These contrasting decisions—one highly deferential to the police, the other demanding that they get a warrant if they want to go snooping around a suspected pot grower's house—show how Scalia, who died on Saturday, alternately delighted and disappointed libertarians. Although he was not a consistent defender of individual rights (or a consistent originalist or federalist), he was nothing like the authoritarian ogre depicted by his critics on the left.
Daily Kos blogger Sylvia Moore thought Scalia was "clearly an authoritarian." Panda's Thumb blogger Matt Young was less definitive, saying "Justice Scalia generally comes across as an authoritarian." Even legal writer Joan Biskupic, in her relatively respectful and sympathetic biography of Scalia, refers to his "authoritarian bent" and "authoritarian instinct." Yet on the whole Scalia was more liberal than some of his purportedly liberal colleagues, frequently questioning the government's authority to invade our literal and metaphorical curtilage.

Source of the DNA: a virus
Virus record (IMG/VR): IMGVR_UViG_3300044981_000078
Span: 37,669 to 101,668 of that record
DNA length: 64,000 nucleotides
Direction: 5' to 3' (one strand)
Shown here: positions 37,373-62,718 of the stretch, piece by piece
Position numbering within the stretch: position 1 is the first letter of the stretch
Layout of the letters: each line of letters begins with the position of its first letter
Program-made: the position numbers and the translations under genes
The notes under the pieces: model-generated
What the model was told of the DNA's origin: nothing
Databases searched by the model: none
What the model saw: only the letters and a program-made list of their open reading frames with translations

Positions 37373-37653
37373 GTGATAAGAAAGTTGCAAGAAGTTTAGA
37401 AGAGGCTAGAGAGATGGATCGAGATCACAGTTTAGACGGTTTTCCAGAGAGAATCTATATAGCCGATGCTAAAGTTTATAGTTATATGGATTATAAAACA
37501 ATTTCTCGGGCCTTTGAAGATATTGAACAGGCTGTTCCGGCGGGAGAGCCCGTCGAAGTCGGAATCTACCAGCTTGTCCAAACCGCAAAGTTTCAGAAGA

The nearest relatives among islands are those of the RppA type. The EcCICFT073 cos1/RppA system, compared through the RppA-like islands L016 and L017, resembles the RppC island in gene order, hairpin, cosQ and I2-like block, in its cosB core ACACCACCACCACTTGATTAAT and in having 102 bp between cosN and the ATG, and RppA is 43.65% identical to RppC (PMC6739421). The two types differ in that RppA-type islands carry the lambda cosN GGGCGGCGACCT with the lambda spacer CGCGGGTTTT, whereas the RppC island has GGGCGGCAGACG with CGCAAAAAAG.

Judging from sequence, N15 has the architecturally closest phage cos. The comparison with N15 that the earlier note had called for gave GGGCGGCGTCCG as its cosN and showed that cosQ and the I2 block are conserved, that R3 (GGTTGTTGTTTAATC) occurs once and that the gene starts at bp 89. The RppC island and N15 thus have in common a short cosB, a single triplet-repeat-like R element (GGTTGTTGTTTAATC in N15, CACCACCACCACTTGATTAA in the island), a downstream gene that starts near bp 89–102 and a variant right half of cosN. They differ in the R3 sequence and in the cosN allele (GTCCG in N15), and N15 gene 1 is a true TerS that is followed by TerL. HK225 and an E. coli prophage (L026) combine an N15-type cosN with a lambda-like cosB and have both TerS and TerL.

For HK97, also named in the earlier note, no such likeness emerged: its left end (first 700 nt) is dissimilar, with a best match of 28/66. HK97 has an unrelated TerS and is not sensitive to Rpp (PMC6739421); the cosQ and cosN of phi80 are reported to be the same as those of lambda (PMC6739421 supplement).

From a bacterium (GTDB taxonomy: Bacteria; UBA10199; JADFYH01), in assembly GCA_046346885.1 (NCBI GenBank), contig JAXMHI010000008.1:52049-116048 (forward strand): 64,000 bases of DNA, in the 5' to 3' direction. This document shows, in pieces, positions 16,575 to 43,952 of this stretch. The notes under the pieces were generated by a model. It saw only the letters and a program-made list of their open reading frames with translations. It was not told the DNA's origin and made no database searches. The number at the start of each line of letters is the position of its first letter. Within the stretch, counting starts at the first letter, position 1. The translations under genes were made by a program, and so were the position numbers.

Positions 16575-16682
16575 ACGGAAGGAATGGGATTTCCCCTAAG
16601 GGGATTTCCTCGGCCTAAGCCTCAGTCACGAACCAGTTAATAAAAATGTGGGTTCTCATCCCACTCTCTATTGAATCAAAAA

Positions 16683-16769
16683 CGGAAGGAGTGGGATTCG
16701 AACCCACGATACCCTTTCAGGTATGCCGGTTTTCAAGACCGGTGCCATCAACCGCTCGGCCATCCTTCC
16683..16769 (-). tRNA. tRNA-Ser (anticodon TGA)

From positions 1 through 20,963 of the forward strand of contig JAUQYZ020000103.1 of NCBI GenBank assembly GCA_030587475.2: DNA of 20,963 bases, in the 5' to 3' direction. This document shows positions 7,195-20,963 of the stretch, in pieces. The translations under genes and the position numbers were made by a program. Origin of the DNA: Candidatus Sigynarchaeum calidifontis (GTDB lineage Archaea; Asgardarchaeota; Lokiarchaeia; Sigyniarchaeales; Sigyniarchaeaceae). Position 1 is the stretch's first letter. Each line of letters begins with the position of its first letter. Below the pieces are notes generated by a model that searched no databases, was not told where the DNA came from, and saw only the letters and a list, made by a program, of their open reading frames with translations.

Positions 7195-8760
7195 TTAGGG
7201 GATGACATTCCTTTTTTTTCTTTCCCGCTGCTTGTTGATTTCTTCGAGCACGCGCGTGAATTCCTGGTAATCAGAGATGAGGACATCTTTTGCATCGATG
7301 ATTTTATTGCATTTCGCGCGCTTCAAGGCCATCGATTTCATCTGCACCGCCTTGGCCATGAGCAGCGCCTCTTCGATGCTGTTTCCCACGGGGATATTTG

Although Scalia's defenses of property rights and the Second Amendment were of a piece with that libertarian tendency, progressives tended to see those stances as consistent with his reactionary reputation. They were less likely to notice when Scalia agreed with them on issues such as privacy, due process, and freedom of speech, since those positions did not fit his image as an archconservative who automatically sided with the government. Here are some of the cases that contradict the caricature.